The posting system between Major League Baseball and Japan’s Nippon Professional Baseball remains in flux, creating some question as to whether vaunted right-hander/slugger Shohei Otani will ultimately be made available to big league clubs this offseason. Otani isn’t the only person whose shot at a Major League opportunity is in question, however; as the Japan Times reports, submarine righty Kazuhisa Makita could also be posted for MLB clubs if a new agreement between MLB and NPB can be reached.
“We plan to give him the green light,” said Lions executive Haruhiko Suzuki when asked about honoring Makita’s request to be posted for MLB clubs. “We are moving in that direction. He has a strong desire (to move to the majors through the posting system). We haven’t heard the outcome (of the negotiations). We will wait for that, then submit paperwork.”
Unlike Otani, the 32-year-old Makita is not a young star headed into his prime. Rather, he’s long been a successful starter and reliever. Makita is still subject to the posting system, though, because he did not begin his pro career in Japan until the age of 26, thus leaving him shy of the requisite nine years of service time to be considered a free agent under Japan’s rules. However, under MLB’s collective bargaining agreement, Makita would be considered a professional. In other words: he’s subject to the posting system but not to international bonus pools. If he is indeed posted, he’ll be able to sign for any amount with whichever teams meet his posting amount.
It’s far from clear what type of posting figure/release fee would’ve been placed on Makita by the Lions anyhow. The 32-year-old was the Pacific League Rookie of the Year back in 2011, the report notes, and he owns an excellent 2.83 ERA in 921 1/3 career innings. After moving to the bullpen full time in 2016, he’s posted a minuscule 1.91 ERA in nearly 150 innings. Makita’s submarine delivery could well hold appeal to a wide swath of clubs looking to give opponents a different look in the middle and late innings of a game.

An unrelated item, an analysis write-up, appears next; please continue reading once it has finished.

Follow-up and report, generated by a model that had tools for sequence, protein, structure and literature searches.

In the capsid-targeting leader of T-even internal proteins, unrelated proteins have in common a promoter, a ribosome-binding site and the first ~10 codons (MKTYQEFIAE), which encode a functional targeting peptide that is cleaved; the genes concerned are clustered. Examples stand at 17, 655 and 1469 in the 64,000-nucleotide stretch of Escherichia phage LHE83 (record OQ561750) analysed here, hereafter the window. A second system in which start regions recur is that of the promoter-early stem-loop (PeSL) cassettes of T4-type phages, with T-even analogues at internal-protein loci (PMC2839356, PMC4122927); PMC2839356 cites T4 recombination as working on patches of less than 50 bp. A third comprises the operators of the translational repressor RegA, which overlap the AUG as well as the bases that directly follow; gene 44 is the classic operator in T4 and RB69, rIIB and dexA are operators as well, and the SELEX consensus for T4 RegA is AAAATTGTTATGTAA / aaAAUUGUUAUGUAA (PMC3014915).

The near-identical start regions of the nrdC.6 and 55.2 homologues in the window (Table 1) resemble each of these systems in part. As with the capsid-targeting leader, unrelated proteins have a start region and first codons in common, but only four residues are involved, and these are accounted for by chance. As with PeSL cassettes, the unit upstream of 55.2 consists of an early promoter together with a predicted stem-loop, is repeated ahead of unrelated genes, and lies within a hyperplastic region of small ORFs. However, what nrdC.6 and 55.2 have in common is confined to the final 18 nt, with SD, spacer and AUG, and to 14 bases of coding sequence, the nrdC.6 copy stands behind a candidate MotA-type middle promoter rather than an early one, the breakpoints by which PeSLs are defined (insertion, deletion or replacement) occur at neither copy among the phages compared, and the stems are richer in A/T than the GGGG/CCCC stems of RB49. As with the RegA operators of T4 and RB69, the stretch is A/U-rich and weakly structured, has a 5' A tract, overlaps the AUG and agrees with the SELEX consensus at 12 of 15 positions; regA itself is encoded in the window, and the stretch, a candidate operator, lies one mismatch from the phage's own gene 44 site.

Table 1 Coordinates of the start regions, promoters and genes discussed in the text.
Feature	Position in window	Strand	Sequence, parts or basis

However, Makita also generates an abnormally low number of strikeouts for a pitcher with his success, and some big league clubs will likely harbor trepidation as a result. Makita has averaged just five punchouts per nine innings over the course of his pro career in Japan, though to his credit he’s averaged just two walks per nine innings. In 147 1/3 innings over the past two seasons, Makita has issued just 19 unintentional walks, but he’s also hit 13 batters in that time.
Batted-ball data for NPB isn’t readily available, but a delivery as extreme as that of Makita figures to lend itself to weak contact — especially from right-handed opponents. His blend of a low strikeout rate with strong walk rates and plenty of weak contact isn’t all that dissimilar from free-agent righty Brandon Kintzler or from Marlins sidearm righty Brad Ziegler, so there’s certainly precedent for that skill set playing well in the Majors in today’s game. Whether he’s ultimately made available to big league clubs is entirely dependent on negotiations between MLB and NPB, but he’d be another name to watch for bullpen-hungry teams in free agency this winter.